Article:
If you have any peaches that feel like they may be a little too soft to slice neatly for the top, use those for the puree. Rinse a couple of peaches, remove the stones but don’t bother removing the skin, blitz the flesh in a blender until smooth. Taste for sweetness – my peaches were really sweet and didn’t need any additional sugar but all fruit is different. If your peaches are not as sweet or if you prefer the puree a bit sweeter add some caster sugar, a little at a time. Push the puree through a fine sieve to remove bits of skin. This will keep in the fridge for a couple of days but oxidizes quickly so cover with cling film (with the film pressed right down onto the surface of the puree) as soon as you’ve made it.

Puff Pastry

If you have three days and the stomach for it, make your own (but you’ll have to find a recipe elsewhere), otherwise just use a good quality store-bought puff pastry.

A 500g package of puff pastry will give you four or five eight to ten tarts (depending on how big you make them).

Roll out the pastry and cut the pastry circles**. They should be no more than a couple of millimeters thick and each tart will need two pastry circles, one slightly smaller than the other. The larger one should be about the size of a regular side plate.

Peaches

Again, a few peaches go a long way so don’t slice too many. Thinly slice enough fresh peaches to fan out over the top of your tarts.

Okay, once you’ve done all that you’re ready to start building your desserts.

First, smear a good, thick layer of frangipane onto one of the smaller pastry circles – and I do mean a good, thick layer, don’t be stingy, it’s not attractive.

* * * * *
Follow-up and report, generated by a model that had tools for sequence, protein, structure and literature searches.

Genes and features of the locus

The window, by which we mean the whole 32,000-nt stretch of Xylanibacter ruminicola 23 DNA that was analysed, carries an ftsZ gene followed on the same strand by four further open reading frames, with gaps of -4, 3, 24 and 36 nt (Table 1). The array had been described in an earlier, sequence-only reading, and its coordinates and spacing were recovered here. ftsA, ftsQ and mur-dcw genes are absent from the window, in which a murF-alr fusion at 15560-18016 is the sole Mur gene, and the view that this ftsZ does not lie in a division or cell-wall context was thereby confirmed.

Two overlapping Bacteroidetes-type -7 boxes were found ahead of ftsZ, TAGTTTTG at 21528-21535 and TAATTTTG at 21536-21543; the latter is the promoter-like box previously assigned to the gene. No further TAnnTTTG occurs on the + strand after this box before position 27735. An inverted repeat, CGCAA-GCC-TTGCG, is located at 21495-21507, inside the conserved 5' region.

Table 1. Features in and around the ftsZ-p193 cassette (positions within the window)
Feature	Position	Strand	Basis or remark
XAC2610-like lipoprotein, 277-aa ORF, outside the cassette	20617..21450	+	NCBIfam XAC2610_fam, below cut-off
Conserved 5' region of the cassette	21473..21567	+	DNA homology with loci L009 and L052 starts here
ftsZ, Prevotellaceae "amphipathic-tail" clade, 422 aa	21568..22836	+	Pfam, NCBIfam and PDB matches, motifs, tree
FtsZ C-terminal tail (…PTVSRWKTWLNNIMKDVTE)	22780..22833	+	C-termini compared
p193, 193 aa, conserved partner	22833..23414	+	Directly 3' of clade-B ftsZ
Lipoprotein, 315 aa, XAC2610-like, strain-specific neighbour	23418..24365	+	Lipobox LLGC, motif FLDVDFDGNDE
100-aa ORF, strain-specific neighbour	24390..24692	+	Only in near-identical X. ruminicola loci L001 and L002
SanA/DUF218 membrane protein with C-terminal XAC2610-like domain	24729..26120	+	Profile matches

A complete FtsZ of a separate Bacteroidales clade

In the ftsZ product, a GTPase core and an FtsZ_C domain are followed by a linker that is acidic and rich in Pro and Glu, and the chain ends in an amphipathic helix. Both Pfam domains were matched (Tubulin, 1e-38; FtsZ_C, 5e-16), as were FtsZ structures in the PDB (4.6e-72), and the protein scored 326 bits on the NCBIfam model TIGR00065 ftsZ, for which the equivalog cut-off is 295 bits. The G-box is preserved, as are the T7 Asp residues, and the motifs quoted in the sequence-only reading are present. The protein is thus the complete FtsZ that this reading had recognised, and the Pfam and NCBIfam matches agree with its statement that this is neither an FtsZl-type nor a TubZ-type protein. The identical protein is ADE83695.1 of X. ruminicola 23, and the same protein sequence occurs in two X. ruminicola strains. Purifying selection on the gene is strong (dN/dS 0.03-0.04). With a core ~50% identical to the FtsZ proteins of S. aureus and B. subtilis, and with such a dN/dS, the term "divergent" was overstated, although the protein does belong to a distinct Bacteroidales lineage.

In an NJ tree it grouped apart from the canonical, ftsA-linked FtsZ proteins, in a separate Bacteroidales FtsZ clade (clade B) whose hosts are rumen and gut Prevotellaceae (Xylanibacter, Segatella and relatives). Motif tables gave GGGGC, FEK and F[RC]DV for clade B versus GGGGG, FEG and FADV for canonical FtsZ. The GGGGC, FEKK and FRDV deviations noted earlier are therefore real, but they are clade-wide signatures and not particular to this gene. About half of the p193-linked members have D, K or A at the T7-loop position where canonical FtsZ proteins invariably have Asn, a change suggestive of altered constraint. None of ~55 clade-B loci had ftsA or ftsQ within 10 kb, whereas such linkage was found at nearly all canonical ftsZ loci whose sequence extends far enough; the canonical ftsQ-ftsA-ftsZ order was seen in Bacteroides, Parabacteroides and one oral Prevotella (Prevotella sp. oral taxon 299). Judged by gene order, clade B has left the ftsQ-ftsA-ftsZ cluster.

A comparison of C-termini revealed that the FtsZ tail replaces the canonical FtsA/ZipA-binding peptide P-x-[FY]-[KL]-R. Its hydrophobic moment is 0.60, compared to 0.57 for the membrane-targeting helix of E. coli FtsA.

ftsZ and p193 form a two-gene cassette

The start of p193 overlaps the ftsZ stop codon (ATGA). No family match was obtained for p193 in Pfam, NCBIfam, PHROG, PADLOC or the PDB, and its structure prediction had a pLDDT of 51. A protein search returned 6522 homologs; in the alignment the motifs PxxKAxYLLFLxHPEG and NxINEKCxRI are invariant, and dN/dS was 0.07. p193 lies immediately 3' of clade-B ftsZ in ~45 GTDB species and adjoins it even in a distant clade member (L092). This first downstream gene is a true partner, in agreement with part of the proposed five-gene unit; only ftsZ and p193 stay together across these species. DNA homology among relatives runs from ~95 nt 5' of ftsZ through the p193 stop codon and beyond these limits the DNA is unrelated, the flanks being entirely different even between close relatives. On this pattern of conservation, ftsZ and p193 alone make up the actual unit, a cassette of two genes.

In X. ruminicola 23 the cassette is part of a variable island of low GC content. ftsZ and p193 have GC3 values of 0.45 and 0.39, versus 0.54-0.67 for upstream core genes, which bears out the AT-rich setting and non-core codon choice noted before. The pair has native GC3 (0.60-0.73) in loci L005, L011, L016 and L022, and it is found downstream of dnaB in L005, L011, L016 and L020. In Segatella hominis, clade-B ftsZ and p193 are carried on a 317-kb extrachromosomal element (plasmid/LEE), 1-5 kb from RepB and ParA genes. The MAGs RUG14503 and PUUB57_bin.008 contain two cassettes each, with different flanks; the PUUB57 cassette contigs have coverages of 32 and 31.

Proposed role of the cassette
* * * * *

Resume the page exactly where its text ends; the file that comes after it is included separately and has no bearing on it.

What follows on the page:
Then place the small circle, frangipane-side down, onto the centre of one of the larger pastry circles. Wet your finger with a bit of warm water and run it over the edge of the pastry circle to seal it then fold  (crimp, pleat, whatever) the edges of the large pastry circle over the small circle.

Next, gently smear about a table spoon of peach puree over the top of the pastry, avoiding the edges.

Fan the peach slices out over the top of the puree, don’t leave any gaps.

Dust with icing sugar.

Using a pastry brush, brush the whole thing with soft butter.

These can be made a day before so stop here and refrigerate the pastries if you’re serving later. About 45 minutes before you’re ready to serve remove from the fridge to allow the pastries to warm to room temperature.

Preheat the oven to 200 c/ 400 f, sprinkle the toasted almonds over the top of the pastries and bake for around 20 minutes. The peach puree gets insanely hot so make sure you let the pastries stand for a few minutes before serving.

For Saturday’s dinner I served the tarts with a warm, almond scented homemade custard and the one in the photos is served with double cream – ice cold jersey cream, whipped cream, clotted cream, ice cream… just about anything creamy will work as an accompaniment.

*The almonds will toast in the oven but I like to toast them a little before hand, I love the extra crunch it gives to the finished dish.

** After rolling out the pastry let it stand for a minute or two before cutting as it may shrink a little.

I’d love your feedback if you decide to give this recipe a try. Enjoy.

The date for the next dinner at Shelley-belly’s Underground will be confirmed later this week and details will be posted on the Underground page. In the meantime, if you’d like more information you can email shelleybellyunderground@yahoo.com.